As I wrote in April when the COVID-19 pandemic was an emerging health threat in the U.S., there is reason to be concerned that people with substance use disorders (SUDs) may be particularly vulnerable to COVID-19 and its most adverse health outcomes. At that point we had very little data to directly support that hypothesis, but we can now speak with greater confidence.
Two weeks ago in Molecular Psychiatry, my collaborators QuanQiu Wang, Rong Xu (both at Case Western Reserve University), David C Kaelber (The MetroHealth System, Cleveland, OH), and I published an analysis of electronic health record data from more than 73 million patients at 360 U.S. hospitals, of whom 7.5 million (10.3% of the sample) had an SUD and 12,030 had COVID-19. It was clear from our analysis that people with SUDs are indeed at higher risk of contracting and suffering worse consequences from COVID-19. This was especially true for African Americans.
People with SUDs were significantly overrepresented among those with COVID-19, making up 15.6% of the COVID-19 group versus just 10.3% of the total sample. Risk of COVID-19 was highest among those who had received a diagnosis of SUD within the past year. Those with a recent OUD diagnosis were 10.2 times more likely than those without a recent SUD diagnosis to have COVID-19, followed by recent diagnosis of tobacco use disorder (8.2 times more likely), alcohol use disorder (7.8 times), cocaine use disorder (6.5 times), and cannabis use disorder (5.3 times).
The 7.5 million patients in the sample who had ever had any SUD (lifetime SUD) were 1.5 times more likely than the rest to have a COVID-19 diagnosis. Those with an opioid use disorder (OUD) were 2.4 times more likely to have COVID-19 than those without, followed by people with cocaine use disorder (1.6 times), alcohol use disorder (1.4 times), and tobacco use disorder (smoking or vaping; 1.3 times).
Patients with lifetime SUD diagnoses also experienced more severe outcomes from COVID-19 than others, including hospitalization (41% versus 30%) and death (9.6% versus 6.6%). The disparity between African Americans and Caucasians was stark: 13 percent of African Americans in the sample with both lifetime SUD and COVID-19 died, versus 8.6 percent of Caucasians with both diagnoses.
The reasons for the increased risk of COVID-19 infection and adverse outcomes among people with SUDs are probably complex. First, many kinds of chronic substance use harm or weaken the body in ways that make people who use substances more vulnerable to infection. As I described recently in Annals of Internal Medicine, opioids compromise respiration. The slowing of breathing caused by opioids can lead to hypoxemia—reduced blood oxygen—which can harm the brain as well as compromise cardiac and pulmonary health. Behaviors associated with opioid use and certain other kinds of illicit drug use also raise the risk of contracting infectious disease of all kinds. Despite social distancing, people with drug addiction need to interact with other drug users or dealers, for example, in order to obtain drugs.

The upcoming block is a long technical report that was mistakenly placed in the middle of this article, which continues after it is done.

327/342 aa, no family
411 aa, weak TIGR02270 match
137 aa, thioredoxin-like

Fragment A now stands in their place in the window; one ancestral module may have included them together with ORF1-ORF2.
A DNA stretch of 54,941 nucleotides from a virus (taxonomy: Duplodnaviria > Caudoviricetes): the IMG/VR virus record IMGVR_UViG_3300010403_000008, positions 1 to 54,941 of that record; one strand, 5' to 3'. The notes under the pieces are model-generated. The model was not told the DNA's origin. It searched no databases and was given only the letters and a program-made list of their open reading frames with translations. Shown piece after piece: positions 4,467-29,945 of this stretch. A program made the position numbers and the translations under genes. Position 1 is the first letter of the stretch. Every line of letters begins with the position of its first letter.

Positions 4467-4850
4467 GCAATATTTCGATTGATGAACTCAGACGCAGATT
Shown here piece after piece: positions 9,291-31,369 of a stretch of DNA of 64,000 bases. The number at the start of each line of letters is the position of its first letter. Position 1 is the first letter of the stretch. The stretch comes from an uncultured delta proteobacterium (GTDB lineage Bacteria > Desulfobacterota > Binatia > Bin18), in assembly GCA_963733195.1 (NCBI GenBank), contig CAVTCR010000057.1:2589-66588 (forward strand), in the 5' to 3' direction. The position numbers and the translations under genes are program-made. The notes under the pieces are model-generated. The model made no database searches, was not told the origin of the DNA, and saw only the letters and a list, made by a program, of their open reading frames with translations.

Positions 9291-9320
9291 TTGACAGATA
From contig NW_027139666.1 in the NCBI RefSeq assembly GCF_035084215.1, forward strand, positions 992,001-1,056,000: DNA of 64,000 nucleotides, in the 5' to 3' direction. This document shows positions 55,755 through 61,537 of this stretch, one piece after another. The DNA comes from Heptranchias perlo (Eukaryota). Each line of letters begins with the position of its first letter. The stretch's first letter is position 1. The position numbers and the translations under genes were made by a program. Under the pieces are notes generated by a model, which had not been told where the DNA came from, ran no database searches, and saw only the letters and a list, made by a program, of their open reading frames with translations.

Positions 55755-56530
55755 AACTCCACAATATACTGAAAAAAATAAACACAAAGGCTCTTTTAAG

Our study also showed that tobacco use disorder (defined as nicotine dependence, without specification of the mode of administration) puts individuals at heightened risk for COVID-19. The lung damage caused by smoking is well known; research suggests vaping also compromises lung health. The link between smoking and vaping and COVID-19 is also supported by a recent analysis of the results of a survey of smoking-related behaviors and COVID-19 symptoms and diagnoses published in the Journal of Adolescent Health. Among 4,351 adolescents and young adults nationwide who were surveyed, those who had ever used e-cigarettes (but not traditional cigarettes) were five times more likely to report having COVID-19, and those who had ever used both e-cigarettes and traditional cigarettes were seven times more likely to report having COVID-19. (A possible confounding variable was that these groups were also more likely to get tested for COVID-19.)
Besides compromising health directly, substance use and addiction also affect health indirectly by impeding access to healthcare. Because of stigma, people with SUDs are often more reluctant to seek all kinds of medical treatment than other people, and when they do seek treatment, they may receive substandard care or even be rejected for care. These barriers make it more likely that people with SUDs who contract COVID-19 will not receive the best treatment or will delay seeking treatment, putting them at greater risk of adverse outcomes.
These impacts are greatest for African Americans. Although Blacks misuse opioids at similar rates to whites, the analysis we published last week found that even among patients with opioid use disorder, there was a disproportionate number of COVID-19 diagnoses among African Americans. As a result of social and economic disparities, African Americans have higher rates of the comorbidities that raise susceptibility to COVID-19, including hypertension, diabetes, cardiovascular diseases, and kidney diseases.
Given what we now know about SUDs and COVID-19 susceptibility, it is crucial for providers to screen patients who have or are suspected of having COVID-19 for SUDs and smoking/vaping history. This is especially true for African Americans, for whom SUD may confer special vulnerability for COVID-19 as a result of longstanding disparities in health and healthcare access. Patients with SUDs or potentially compromised lung health from smoking and vaping should be monitored closely to best prevent the most adverse complications of the virus. And addressing SUD should be part of any comprehensive public health approach to addressing COVID-19.